Reading Freakonomics for the second time I was rather surprised at the lack of statistical evidence I missed during my first reading. The authors Levitt and Dubner merely present a continues stream of anecdotal numbers they introduce as fake statistics, for any actual statistics related to their models they merely mention studies (often which they themselves did). With that in mind I was rather looking forward to reading their actual research and not a watered down version. However this was disappointing, DL used the same technique of presenting a multitude of numbers (not statistics and mostly trends) in establishing not just a correlation between crime and abortion but a casual relation. I was quite glad to read Foote and Goetz rework DL’s regression work; most apparent to me was the omitted variable biases both regressions DL used and also the discontinuity between DL’s regressions that FG only mentioned.

Without doing any regressions myself I would side with FG and the other literature they site as agreeing with them (Sailer, Joyce, Lott and Whitley) that DL’s work is flawed and only shows signs of correlation and in no way causality. DL overlooking the obvious correlation between high crime and high abortion rates, while only looking at a lack of relationship in the trends of crime and abortion rates. They base their causality claims on this. However I find it odd that one would check for a correlation in rates before averages (and not in averages at all), it is merely counter intuitive especially given the plethora of numbers they use in claiming causality. I am much more inclined to believe that they checked for a correlation in average rates of abortion and crime and then neglected the high and significant coefficient because it didn’t fit within their theory of causality. This makes them potential frauds, although no explicit evidence of this exists.

Additionally, I thought the blatant contradiction of the results from their two regressions indicative of fraudulently presenting their findings as significant and casual. The first cross-state regression showed evidence of correlation between abortion and crime rates, while the second regression only shows that states with more abortions (and also more crime to begin with) experienced a sharper relative drop compared to average states. However there was not a significant correlation between crime rates and abortion rates in the regressions done on individual states, this more than anything should have altered DL to potential problems in their regressions.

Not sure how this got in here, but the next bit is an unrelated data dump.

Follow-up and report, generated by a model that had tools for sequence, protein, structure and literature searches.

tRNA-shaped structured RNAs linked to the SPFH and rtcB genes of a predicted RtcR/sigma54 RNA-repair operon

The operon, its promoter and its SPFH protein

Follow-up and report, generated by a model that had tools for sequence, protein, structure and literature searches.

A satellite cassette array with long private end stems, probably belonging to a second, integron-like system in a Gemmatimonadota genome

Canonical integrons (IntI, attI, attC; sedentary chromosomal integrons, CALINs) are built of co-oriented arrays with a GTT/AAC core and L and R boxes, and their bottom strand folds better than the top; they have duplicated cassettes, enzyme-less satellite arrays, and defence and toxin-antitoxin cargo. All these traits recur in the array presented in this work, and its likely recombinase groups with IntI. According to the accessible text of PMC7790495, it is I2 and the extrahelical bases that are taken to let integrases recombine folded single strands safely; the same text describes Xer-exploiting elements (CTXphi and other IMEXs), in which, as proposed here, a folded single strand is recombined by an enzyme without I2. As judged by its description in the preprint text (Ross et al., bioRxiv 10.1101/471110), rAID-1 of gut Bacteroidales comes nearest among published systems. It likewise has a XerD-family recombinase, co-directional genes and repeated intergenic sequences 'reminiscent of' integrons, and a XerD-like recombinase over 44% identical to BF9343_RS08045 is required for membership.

That said about FG’s and the other literatures critique of DL I had some additional critiques of DL’s work. I felt the critiques of DL operate within the framework DL set out to stringently, mostly be using the same effective abortion measure, a simple summation of all previous abortion rates times a measure of arrest rate for that age group. What this does is potentially introduce a bias for a particular cohort being more violent that another in addition to assuming that the effect of abortion is constant in the propensity to commit a crime over the entire life of a criminal. This might be why DL and FG didn’t run any regressions with data past 1997. What I really want see, in establishing causality is stabilization in the crime rate after 1998, the abortion rate stabilizing in 1980, this follows directly from DL’s theory that abortion has a lagged effect on crime rates of roughly 18 years. In order to demonstrate this and the establishment of a steady state crime rate influenced by abortion rates a new effective abortion term needs to be established; one that demonstrates a constant correlation between criminality and age (this term will need to be raised to a power because of the drop off in criminality rates as age increases) and one that corrects for estimated coefficient between crime and lagged abortion rates. Replacing the summation used by DL and others with an integral yields a differential equation able to find a steady state component in the crime rate if it is truly related to the abortion rate, producing a test for causality. Figure 1 in DL’s paper indicates a very stable steady state in the abortion rate between 1980 and 1990 making this test possible.

Where a_{i} is the population of cohort i, X(i,t) is a measure of the criminality of age group i at time t and A(i,t) is a measure of the abortion rate of age group i at time i (time of birth). A(i,t) is also a function of time since the abortion rate is not constant over 1973-1980 (although this could be inputted directly into a similar model assuming like DL that abortions and criminality have no common factors across time).